100 books like The Washingtons

By Flora Fraser,

Here are 100 books that The Washingtons fans have personally recommended if you like The Washingtons. Shepherd is a community of 11,000+ authors and super readers sharing their favorite books with the world.

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Book cover of The Hemingses of Monticello: An American Family

Kathleen DuVal Author Of Independence Lost: Lives on the Edge of the American Revolution

From my list on the American Revolution beyond the Founding Fathers.

Why am I passionate about this?

I’m a professional historian and life-long lover of early American history. My fascination with the American Revolution began during the bicentennial in 1976, when my family traveled across the country for celebrations in Williamsburg and Philadelphia. That history, though, seemed disconnected to the place I grew up—Arkansas—so when I went to graduate school in history, I researched in French and Spanish archives to learn about their eighteenth-century interactions with Arkansas’s Native nations, the Osages and Quapaws. Now I teach early American history and Native American history at UNC-Chapel Hill and have written several books on how Native American, European, and African people interacted across North America.

Kathleen's book list on the American Revolution beyond the Founding Fathers

Kathleen DuVal Why did Kathleen love this book?

Annette Gordon-Reed’s book introduces readers to the enslaved family of a Founding Father, Thomas Jefferson.

What I love about this book is that it upends the traditional picture of Jefferson while neither vilifying nor excusing him. It’s a full picture of a complicated man and the fascinating people who were part of his life. After all, the historian’s task is not to make heroes or villains but to show the full complexity of human beings.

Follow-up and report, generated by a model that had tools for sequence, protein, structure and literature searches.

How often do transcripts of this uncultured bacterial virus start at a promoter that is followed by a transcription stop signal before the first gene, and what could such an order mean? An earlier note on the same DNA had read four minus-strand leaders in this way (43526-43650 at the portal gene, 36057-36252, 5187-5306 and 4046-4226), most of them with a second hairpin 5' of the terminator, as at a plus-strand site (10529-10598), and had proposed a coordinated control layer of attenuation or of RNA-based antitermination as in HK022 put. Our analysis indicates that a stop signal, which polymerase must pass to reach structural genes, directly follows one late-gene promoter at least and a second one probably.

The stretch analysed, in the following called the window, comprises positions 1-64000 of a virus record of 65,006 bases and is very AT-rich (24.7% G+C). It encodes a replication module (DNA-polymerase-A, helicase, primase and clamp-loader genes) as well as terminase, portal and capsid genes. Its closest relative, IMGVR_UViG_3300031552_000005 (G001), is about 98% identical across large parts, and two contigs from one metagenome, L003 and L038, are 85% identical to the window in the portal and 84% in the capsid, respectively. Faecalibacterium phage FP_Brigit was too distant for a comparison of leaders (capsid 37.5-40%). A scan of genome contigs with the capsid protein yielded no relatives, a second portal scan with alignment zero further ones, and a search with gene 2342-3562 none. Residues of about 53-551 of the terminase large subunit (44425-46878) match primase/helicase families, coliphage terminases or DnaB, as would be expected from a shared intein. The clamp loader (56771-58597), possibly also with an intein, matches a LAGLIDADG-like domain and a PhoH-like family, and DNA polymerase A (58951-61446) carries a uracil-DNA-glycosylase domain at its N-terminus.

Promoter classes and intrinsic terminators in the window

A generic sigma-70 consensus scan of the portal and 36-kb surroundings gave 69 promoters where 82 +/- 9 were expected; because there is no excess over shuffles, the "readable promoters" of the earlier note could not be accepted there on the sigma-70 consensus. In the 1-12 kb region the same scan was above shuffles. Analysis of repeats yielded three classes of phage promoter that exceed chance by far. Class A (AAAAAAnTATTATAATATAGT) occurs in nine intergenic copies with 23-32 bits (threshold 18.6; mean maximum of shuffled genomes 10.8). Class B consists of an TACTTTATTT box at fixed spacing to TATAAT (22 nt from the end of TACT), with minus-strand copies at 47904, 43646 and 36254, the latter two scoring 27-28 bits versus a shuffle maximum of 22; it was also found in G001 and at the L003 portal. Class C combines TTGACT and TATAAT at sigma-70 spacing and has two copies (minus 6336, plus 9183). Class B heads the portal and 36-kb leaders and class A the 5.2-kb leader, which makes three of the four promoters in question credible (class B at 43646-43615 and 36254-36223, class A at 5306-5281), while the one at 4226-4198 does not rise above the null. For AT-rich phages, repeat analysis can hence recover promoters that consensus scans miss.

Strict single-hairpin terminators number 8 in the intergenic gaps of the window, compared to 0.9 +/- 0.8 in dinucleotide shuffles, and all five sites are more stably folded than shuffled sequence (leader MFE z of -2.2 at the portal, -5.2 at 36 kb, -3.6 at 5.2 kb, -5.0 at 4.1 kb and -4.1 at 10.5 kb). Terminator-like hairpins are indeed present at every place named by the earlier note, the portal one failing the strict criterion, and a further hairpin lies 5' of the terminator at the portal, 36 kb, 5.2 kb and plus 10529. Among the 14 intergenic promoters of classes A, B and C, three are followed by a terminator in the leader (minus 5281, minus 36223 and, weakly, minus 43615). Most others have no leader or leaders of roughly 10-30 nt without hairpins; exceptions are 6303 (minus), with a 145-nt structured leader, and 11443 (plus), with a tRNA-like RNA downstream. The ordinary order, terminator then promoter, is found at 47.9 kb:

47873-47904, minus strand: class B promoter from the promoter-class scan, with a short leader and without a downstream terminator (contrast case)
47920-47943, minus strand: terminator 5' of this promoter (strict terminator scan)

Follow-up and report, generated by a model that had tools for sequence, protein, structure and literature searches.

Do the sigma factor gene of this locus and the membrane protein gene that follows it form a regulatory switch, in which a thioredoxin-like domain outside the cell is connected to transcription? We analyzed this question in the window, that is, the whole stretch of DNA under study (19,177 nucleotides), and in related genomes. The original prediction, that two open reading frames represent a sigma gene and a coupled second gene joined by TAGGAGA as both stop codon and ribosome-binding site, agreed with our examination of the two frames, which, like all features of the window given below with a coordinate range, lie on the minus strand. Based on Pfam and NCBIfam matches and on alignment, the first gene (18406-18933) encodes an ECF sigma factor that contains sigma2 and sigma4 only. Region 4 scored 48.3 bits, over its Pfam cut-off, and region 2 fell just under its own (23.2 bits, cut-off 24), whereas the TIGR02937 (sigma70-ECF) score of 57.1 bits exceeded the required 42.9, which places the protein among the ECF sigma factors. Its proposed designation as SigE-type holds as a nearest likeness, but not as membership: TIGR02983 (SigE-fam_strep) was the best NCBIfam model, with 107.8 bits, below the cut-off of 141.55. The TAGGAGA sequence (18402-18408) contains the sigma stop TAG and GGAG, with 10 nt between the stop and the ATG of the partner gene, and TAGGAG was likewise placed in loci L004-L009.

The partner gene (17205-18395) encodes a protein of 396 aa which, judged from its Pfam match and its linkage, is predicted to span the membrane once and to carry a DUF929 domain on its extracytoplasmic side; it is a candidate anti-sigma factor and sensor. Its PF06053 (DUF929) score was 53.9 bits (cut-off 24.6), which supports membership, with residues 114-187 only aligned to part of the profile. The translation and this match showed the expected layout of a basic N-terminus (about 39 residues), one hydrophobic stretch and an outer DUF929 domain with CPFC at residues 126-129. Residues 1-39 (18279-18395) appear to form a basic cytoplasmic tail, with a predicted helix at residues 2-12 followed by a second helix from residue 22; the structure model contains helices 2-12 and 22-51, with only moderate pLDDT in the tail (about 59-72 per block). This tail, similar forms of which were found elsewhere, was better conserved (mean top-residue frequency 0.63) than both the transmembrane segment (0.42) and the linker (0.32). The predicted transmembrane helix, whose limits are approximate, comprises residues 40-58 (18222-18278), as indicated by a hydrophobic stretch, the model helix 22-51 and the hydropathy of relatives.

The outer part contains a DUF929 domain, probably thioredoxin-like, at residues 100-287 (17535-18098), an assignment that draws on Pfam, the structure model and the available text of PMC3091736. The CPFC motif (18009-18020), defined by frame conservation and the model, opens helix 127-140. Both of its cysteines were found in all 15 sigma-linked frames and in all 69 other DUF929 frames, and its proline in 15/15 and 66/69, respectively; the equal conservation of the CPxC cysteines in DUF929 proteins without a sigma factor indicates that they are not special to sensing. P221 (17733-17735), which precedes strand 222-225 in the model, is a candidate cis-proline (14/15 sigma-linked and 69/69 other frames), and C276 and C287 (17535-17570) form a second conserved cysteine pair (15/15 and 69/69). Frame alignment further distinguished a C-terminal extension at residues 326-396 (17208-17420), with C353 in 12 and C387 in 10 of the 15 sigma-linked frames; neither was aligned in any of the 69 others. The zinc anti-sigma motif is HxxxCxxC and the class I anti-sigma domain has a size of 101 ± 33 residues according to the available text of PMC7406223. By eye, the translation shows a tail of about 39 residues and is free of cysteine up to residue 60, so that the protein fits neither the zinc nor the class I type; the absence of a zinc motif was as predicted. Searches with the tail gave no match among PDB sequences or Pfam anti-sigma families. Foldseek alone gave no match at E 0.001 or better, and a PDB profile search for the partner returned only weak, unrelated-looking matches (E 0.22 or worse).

At the center of the story is Sally Hemings, the half-sister of Jefferson’s wife and the mother of some of Jefferson’s children. The book also shows how a careful historian can interpret and evaluate different kinds of evidence, including documents, oral history, and DNA.

By Annette Gordon-Reed,

Why should I read it?

6 authors picked The Hemingses of Monticello as one of their favorite books, and they share why you should read it.

What is this book about?

This epic work-named a best book of the year by the Washington Post, Time, the Los Angeles Times, Amazon, the San Francisco Chronicle, and a notable book by the New York Times-tells the story of the Hemingses, whose close blood ties to our third president had been systematically expunged from American history until very recently. Now, historian and legal scholar Annette Gordon-Reed traces the Hemings family from its origins in Virginia in the 1700s to the family's dispersal after Jefferson's death in 1826.


Book cover of Jefferson's Daughters: Three Sisters, White and Black, in a Young America

Cassandra Good Author Of First Family: George Washington's Heirs and the Making of America

From my list on the fascinating families of America’s founders.

Why am I passionate about this?

As a child, I loved reading books about time travel, and now as a historian, I do a sort of time travel for my job. I have always been especially drawn to reading women’s correspondence, particularly when the women involved were pushing against gender roles and finding ways to access political power. I approach doing history as if it’s an ethnography of a group of people with entirely different beliefs, norms, and even emotions from us today; after all, the past is a foreign country. I’m especially intrigued by uncovering how personal relationships worked in the past and how relationships with political figures allowed family and friends to access power.